On Friday night, our dog Merlin passed away.
He was nearly 17 (in human years), so he'd had a pretty good run. Still, it was a sad occasion, made bearable (and manageable) by some wonderful people.
The first of many...
I was 7 months pregnant with Samuel when we got Merlin. Anthony and I had been living together for a couple of months in our rented place, and we decided we'd like a dog.
We went out to the RSPCA on Boxing Day 1995, as we knew there would probably be some dogs out there. As soon as we saw Merlin, we knew he was the one. He was called Schooner then, but despite being told that dogs didn't take to name changes, he soon became Merlin (he got that name mainly because we were into wizards and dragons at the time. I guess we still are).
Merlin settled in well. Despite the fact that he was a large dog (he was a Labrador-retriever cross), he always thought that he was just 'a head' (as Anthony used to say) and could never understand why he couldn't fit on anyone's lap, or why only part of him made it inside.
He was very good with Samuel - very gentle and calm; taking all the ear and tail pulling that Samuel could dish out. Not once did he give us any reason to doubt his loyalty of Samuel's safety.
Merlin and Cheese
Not long after we moved in to our house here (March 1998), we got Cheese (Samuel named her - it was his favourite word at the time!). She has been Merlin's constant companion ever since (and just between you and me, she's a little sad at the moment).
The Dangerous Dog
In about 2000, we were entertaining some friends. Their young son, who was 'entertaining' Merlin, got a scratch on his face when Merlin got a bit too excited. It was a bad scratch (with blood etc), and they decided to put in a complaint against him.
The Dog Control people confiscated him, and at first they were going to have him put down, but after having him at the pound (jail) for a while, they decided he wasn't really dangerous (just between you and me, they thought he was a bit of a pussycat. They knew straight away that he wasn't actually dangerous, but had to follow some kind of procedure), but that because of the incident, would have to be labeled 'dangerous' (the first Dangerous Dog in Canberra actually). We had to make some changes to protect the 'public' So we built higher fences and put a sign on our gate and then he came home.
Of course he wasn't dangerous. We had many other people (including kids) visit that didn't get 'attacked' by him, and kept a wide range of pets, such as chickens, rabbits, geese, ducks, rats, a cat and parrots, all of which were decidedly unharrassed by Merlin.
Actually, our house has always been a bit funny that way, our pets have always gotten along well, despite their natural predator/prey tendencies!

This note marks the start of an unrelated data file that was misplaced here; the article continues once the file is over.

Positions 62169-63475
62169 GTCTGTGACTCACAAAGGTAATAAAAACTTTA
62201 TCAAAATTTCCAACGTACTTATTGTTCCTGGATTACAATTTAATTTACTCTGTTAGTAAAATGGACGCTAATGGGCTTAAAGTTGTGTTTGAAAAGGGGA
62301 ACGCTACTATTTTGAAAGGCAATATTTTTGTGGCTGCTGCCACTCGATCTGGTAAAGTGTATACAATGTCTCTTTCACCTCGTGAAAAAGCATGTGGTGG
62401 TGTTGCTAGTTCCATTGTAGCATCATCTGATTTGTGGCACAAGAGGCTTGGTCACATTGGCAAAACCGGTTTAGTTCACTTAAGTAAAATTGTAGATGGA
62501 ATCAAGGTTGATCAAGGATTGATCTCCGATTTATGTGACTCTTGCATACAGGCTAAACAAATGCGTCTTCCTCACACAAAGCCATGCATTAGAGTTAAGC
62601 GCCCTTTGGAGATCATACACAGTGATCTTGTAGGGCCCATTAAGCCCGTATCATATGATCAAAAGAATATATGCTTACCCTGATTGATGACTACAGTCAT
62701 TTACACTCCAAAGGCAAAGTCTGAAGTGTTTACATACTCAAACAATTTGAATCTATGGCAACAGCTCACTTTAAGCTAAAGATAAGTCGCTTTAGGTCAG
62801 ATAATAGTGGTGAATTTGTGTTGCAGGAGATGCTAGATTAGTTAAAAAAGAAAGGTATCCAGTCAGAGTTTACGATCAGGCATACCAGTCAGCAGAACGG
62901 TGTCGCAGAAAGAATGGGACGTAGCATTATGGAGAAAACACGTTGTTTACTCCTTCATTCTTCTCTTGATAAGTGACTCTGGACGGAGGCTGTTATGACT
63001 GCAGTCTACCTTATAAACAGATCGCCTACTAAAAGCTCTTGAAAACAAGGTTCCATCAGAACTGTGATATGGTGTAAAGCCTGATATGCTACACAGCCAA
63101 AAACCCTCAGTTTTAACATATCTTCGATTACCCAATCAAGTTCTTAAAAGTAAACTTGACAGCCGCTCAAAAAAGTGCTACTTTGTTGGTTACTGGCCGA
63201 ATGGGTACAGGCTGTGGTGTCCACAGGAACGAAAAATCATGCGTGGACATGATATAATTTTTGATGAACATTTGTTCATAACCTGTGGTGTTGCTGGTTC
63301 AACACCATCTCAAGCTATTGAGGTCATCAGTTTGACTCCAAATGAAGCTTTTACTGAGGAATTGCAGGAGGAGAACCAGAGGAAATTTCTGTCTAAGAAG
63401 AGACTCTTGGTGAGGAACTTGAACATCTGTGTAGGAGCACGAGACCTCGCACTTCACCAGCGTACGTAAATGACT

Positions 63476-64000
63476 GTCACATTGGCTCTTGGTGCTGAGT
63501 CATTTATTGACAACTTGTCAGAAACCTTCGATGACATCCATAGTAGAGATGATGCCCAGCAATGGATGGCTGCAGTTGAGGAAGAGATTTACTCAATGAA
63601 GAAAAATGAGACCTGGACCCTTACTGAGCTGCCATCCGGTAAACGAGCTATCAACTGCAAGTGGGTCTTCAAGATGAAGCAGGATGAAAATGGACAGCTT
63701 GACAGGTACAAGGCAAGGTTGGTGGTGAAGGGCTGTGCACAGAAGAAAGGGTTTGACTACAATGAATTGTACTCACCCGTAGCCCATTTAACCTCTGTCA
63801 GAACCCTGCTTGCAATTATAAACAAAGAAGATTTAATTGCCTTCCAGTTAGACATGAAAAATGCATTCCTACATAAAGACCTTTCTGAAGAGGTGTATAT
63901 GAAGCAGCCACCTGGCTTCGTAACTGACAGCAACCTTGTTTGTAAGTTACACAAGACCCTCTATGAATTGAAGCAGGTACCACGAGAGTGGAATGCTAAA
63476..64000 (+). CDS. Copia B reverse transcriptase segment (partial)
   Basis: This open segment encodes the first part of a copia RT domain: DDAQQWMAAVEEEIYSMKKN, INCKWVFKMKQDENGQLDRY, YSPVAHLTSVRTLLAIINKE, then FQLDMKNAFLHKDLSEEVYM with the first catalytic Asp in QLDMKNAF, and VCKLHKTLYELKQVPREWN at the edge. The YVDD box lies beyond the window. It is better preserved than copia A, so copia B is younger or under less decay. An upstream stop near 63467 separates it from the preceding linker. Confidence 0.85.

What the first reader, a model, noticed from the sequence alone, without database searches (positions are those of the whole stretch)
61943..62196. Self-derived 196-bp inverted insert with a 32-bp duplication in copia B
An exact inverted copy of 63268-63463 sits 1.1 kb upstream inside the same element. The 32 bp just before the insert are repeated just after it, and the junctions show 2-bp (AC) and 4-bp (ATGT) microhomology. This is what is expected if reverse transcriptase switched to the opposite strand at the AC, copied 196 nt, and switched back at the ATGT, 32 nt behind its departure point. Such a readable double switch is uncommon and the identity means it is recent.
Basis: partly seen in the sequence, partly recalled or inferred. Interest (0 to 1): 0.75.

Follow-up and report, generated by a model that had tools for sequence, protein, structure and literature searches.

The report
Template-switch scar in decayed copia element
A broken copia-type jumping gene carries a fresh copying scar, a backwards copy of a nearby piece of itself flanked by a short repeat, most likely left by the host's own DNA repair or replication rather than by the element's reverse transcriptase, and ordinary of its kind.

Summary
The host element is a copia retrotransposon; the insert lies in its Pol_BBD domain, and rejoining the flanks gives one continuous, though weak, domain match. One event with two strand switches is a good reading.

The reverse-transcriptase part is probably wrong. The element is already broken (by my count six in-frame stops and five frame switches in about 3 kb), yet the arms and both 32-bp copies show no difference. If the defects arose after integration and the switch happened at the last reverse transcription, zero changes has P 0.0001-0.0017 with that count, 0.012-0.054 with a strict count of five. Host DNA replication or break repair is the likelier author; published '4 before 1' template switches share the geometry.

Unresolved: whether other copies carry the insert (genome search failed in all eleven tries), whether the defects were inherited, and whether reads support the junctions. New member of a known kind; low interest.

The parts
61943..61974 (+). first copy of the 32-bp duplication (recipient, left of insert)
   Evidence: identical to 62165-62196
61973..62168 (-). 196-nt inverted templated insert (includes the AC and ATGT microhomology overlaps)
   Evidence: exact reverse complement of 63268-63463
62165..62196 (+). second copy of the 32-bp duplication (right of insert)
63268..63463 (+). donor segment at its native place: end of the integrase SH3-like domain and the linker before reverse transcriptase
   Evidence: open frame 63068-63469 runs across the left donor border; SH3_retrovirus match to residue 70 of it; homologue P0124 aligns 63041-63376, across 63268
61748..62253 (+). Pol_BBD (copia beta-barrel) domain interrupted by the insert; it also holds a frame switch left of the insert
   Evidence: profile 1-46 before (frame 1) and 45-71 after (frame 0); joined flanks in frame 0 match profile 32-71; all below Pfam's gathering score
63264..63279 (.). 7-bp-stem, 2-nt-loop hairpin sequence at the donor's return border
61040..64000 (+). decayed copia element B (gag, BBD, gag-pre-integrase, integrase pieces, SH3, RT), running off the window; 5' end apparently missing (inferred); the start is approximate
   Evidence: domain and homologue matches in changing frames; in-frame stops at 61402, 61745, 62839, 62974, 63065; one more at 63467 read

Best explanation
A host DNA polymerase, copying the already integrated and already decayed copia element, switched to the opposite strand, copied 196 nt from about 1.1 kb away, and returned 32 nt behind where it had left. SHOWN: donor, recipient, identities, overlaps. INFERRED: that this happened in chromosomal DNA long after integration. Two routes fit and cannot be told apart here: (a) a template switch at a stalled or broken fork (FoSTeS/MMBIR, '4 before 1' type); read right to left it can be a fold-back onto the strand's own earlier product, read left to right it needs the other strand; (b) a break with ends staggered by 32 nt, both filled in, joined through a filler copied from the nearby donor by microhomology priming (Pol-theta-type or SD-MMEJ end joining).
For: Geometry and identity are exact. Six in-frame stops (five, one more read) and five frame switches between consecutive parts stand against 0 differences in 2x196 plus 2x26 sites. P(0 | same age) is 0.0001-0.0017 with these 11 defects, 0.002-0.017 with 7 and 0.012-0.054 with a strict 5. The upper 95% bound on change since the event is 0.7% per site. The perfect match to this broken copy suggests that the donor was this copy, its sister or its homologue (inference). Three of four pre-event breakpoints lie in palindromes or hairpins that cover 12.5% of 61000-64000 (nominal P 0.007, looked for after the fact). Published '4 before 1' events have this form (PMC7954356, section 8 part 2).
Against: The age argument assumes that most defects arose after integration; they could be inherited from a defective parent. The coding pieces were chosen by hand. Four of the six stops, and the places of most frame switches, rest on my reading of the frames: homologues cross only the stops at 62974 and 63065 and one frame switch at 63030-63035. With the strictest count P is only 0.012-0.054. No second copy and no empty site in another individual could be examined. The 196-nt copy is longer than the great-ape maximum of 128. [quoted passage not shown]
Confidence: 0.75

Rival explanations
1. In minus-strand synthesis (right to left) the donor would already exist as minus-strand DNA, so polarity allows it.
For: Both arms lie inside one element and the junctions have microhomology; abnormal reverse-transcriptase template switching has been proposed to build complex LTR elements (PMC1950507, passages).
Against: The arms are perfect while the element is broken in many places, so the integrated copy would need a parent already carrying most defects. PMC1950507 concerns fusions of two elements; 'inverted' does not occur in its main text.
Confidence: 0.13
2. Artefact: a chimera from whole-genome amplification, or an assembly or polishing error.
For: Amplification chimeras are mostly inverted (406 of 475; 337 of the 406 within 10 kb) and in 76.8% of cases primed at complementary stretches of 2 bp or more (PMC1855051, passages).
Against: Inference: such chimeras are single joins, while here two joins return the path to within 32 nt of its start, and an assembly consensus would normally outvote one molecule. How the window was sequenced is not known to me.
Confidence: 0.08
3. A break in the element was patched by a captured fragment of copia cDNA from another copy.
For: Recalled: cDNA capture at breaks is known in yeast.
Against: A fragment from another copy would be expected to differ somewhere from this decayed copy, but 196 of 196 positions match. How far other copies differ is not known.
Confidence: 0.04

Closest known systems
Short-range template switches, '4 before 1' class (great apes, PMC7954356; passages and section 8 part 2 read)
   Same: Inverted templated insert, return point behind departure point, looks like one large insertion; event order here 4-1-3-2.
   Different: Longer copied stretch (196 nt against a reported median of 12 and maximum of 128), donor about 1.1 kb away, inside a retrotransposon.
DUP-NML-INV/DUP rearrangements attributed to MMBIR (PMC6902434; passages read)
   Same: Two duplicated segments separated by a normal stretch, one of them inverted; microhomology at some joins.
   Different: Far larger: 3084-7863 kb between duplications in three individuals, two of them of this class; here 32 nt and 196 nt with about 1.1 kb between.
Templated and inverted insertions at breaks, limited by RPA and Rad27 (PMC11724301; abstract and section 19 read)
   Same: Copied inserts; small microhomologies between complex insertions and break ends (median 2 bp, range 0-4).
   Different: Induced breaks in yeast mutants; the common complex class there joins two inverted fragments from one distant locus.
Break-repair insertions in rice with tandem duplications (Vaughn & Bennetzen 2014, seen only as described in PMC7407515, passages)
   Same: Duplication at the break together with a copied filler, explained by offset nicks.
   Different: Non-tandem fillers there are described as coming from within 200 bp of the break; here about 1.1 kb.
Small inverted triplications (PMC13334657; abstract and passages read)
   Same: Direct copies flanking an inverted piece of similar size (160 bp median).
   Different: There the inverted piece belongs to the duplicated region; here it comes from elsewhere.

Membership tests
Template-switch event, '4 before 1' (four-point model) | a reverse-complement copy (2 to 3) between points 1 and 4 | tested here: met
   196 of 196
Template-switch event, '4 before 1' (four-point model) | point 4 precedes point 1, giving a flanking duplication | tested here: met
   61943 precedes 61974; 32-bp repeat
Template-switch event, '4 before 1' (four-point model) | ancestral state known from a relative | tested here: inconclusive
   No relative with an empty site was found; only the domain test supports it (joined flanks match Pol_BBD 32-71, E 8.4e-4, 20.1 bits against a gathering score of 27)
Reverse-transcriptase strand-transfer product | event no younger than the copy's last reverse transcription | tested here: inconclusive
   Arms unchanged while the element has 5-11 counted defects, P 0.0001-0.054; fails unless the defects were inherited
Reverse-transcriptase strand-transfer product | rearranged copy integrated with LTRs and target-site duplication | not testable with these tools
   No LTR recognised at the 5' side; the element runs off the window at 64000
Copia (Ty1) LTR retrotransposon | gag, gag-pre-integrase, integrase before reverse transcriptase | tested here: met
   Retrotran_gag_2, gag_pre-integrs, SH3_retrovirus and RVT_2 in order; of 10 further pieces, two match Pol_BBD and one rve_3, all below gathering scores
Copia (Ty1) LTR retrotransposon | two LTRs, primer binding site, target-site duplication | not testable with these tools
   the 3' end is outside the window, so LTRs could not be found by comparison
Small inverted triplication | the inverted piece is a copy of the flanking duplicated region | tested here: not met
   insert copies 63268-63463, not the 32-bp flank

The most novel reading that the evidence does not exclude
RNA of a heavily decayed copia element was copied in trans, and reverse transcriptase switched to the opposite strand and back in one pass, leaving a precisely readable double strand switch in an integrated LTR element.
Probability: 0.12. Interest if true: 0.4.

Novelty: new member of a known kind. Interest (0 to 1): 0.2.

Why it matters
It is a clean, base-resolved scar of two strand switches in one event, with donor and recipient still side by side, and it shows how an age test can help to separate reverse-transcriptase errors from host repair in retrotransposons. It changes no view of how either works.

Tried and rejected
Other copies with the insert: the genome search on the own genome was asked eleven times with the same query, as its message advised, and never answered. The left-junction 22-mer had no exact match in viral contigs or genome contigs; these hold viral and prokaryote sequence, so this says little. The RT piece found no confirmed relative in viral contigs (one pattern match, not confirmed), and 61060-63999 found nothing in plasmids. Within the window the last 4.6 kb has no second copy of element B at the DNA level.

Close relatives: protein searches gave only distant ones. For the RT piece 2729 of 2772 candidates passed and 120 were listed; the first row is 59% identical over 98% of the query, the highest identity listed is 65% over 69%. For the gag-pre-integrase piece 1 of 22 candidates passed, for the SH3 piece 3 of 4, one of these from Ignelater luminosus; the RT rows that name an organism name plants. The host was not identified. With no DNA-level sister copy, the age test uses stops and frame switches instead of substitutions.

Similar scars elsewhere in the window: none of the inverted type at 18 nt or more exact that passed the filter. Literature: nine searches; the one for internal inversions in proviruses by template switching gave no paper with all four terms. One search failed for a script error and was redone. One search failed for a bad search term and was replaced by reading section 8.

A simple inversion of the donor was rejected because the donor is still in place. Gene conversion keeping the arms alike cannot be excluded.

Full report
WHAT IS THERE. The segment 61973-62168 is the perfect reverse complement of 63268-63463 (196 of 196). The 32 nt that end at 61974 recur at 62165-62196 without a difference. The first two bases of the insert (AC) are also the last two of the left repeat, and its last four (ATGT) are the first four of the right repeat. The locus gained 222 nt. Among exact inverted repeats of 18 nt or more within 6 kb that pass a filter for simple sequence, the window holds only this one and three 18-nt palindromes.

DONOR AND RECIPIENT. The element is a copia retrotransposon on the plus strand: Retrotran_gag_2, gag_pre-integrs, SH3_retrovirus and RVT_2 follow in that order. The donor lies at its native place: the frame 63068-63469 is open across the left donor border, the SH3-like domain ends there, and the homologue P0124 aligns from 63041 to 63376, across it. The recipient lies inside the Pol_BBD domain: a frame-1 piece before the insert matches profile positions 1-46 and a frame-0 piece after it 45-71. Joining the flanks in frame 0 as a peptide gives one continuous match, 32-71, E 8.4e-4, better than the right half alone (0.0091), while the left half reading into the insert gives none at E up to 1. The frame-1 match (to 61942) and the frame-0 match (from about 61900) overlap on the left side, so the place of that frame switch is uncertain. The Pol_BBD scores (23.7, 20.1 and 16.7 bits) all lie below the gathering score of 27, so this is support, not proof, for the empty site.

Merlin was technically Samuel's dog, and Samuel was usually the one who fed him, walked him and played with him, but Merlin's loyalty was firmly with Anthony. He followed him everywhere and did exactly as he was told by Anthony.
In the last couple of years, Merlin had slowly lost many of his faculties: his hearing went a while ago, then his sight, and finally all his muscle tone. He was so skinny you could put your hands together around his middle (this was despite his ENORMOUS appetite!)
After Sam died, Merlin definitely felt it, and was very low for a couple of months. We actually thought we might lose him quite early on. But he seemed to sense that it wasn't the right time; that it would be too much for Anthony to take, so he held on. Almost every night, while we sat eating dinner, he would stand at the back door and bark. At nothing in particular. I said that he was showing signs of dementia, but Anthony always said it was because Sam was there. That he was saying hello.
Time to Go
Just after we'd gotten back from Melbourne, Anthony felt that it was finally time for him to go. Merlin had gotten very listless, he wasn't eating or doing much at all. Anthony called our sister-in-law Rachel, who is a vet, who came over to have a look, and to help him on his way.
We were very glad that she could do this for us, and that Merlin could go peacefully, at home, surrounded by people that loved him.
All of Anthony's brothers came over, and his mum even drove all the way back from Sydney (she'd only just got there) to be with Merlin. She had a special relationship with him, as he lived with her for the 18 months that we lived in the granny flat at my parent's place.
So while we were all there with him, Rachel gave him the needle, and he let go. It didn't take much. He was definitely ready. I won't mention the prank he played on us all - let's just say the house stunk for a while...it was a very Merlin-like prank!
And how are we?
The worst part about having pets is when they die, usually because they go long before anyone else on the family. It's a hard lesson to learn, but an important one. Harder for Oliver, because he's experienced too much death in his short lifetime. He mentioned this (that many people/pets that he knows have died) a couple of times, and I really felt for him, poor kid. Still, I'm glad he was there with Merlin in his final moments, and that he understands that Merlin lived a full and happy life, and was put to sleep because it was the best for him. Let's just hope that's it for a while though.
Oh, and a final note - Cheese is now firmly entrenched as an 'inside dog'. We were conscious of her close relationship with Merlin, and worried about her pining for him, so we invited her inside. Lorraine (Anthony's mum) came over yesterday and gave her a bath, and she has definitely taken to her role. She doesn't need to be asked twice to come in, and has a permanent place on a blanket in front of the heater. Ah well, she's old (she's nearly 14 now), and she's nice to have around.